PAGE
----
Taking the Long View
Triathlete teams with University of Iowa researchers on blinding eye disease
Source Newsroom: University of Iowa
Newswise — As a child, Michael Stone avoided sports. Now in his mid 40s, he's completed more than 100 triathlons, including 11 Ironman races, and 21 Xterra Triathlons—off-road triathlons that involve mountain biking and trail running.
Not such an unusual story perhaps, but the reason Stone shunned sports as a kid was because he couldn't see the ball, and his vision has progressively worsened so that he now is "legally blind."
"When I ride a bike or I'm running, I use my feet; I use every piece of information I can get through my other senses," Stone says. "I like to think of myself as the Forrest Gump of the vision world because technically I shouldn't have been able to do many of the things I was able to do."
Stone is straightforward about the many frustrations and challenges his vision loss has created. But, the two characteristics that shine through any conversation with him are an incredible tenacity to work around his vision-imposed limitations and a deep desire to make things better for others affected by blinding eye diseases. This sense of purpose infuses his approach to life. When he races, he raises money for research on eye diseases; he is a counselor and ardent advocate for people with blinding eye diseases; and he is an author whose book highlights the inspirational stories of people affected by eye disease.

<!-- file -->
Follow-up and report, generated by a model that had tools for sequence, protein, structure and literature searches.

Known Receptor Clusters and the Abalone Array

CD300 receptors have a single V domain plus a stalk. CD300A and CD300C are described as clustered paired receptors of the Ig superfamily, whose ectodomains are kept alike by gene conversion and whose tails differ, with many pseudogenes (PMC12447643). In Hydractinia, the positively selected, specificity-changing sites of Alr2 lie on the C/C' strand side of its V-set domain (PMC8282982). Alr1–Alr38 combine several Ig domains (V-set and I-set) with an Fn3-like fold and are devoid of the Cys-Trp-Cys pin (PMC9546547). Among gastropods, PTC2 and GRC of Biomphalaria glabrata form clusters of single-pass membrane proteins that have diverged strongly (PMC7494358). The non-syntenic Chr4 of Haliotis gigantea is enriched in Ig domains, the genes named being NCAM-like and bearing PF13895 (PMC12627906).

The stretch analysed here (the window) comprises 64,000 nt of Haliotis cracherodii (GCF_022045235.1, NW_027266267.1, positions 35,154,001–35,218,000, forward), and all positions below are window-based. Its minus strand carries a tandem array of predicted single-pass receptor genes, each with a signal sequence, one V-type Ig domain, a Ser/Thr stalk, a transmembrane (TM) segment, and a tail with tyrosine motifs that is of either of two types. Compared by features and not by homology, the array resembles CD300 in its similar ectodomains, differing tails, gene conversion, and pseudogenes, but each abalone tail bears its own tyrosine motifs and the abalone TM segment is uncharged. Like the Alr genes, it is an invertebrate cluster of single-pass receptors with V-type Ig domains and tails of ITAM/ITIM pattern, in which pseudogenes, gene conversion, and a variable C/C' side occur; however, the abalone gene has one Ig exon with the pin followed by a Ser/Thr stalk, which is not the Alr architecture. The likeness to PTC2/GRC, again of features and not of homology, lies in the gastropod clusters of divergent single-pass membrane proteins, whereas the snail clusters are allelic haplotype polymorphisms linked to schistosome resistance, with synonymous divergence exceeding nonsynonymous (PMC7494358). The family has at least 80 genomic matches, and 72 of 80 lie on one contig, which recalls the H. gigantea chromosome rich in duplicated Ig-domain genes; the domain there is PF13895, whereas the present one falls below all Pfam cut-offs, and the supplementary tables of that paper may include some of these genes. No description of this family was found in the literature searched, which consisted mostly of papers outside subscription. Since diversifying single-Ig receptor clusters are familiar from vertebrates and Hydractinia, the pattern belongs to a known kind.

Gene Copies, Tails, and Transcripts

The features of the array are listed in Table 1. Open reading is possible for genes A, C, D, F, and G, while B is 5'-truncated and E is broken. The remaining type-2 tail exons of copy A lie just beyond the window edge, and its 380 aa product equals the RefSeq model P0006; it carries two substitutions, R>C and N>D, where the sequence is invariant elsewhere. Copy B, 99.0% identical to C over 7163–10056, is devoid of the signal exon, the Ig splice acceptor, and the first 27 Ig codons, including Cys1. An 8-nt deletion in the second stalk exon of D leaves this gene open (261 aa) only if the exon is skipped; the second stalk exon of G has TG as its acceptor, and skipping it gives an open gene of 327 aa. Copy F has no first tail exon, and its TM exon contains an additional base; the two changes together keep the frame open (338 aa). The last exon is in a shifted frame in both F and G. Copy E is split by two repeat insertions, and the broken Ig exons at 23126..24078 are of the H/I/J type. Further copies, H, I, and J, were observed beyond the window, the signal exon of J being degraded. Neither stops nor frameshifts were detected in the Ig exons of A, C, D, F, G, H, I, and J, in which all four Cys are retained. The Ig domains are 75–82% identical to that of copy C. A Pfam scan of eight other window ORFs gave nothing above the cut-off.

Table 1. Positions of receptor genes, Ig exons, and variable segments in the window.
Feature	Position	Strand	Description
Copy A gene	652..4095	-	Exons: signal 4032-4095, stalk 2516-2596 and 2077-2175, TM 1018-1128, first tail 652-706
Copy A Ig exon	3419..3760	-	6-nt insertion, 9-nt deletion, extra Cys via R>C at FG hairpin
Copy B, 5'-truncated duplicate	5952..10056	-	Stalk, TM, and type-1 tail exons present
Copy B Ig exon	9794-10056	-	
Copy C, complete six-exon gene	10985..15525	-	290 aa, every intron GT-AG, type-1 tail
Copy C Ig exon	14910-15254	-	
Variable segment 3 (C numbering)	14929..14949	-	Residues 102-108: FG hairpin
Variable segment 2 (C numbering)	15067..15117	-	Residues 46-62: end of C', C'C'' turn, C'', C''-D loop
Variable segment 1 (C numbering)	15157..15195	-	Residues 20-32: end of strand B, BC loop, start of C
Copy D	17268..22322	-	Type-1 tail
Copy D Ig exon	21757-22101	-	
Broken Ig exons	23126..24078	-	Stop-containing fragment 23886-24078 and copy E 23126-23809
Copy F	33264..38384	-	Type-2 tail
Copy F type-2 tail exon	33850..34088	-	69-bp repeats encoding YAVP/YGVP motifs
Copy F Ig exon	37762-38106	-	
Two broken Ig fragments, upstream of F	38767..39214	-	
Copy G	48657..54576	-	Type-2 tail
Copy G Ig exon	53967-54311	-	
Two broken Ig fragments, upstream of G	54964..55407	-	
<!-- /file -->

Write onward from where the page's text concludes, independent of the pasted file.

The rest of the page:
Stone co-founded the Race to Cure Blindness, a fundraising program for Foundation Fighting Blindness (FFB), and he and his family are deeply committed to supporting research that will eventually lead to treatments and cures.
Despite being so involved in advancing research for blinding eye disease for many years, Stone did not have a definitive diagnosis for his own condition. In 2003, he was told he had cone rod dystrophy, a retinal condition caused by many different gene mutations, but he did not know which gene was affected in his case.
In the past year, Stone’s situation has changed. Through a series of coincidences and a collaboration with researchers at the University of Iowa in Iowa City and Columbia University in New York, Stone and his family now have answers about the true nature of the condition that affects them.
Connections and coincidences
It all started with a chance conversation that reconnected Stone with his old school friend, Alex Bassuk, MD, PhD, now a pediatric neurologist with UI Children's Hospital and a genetics researcher at the UI Carver College of Medicine.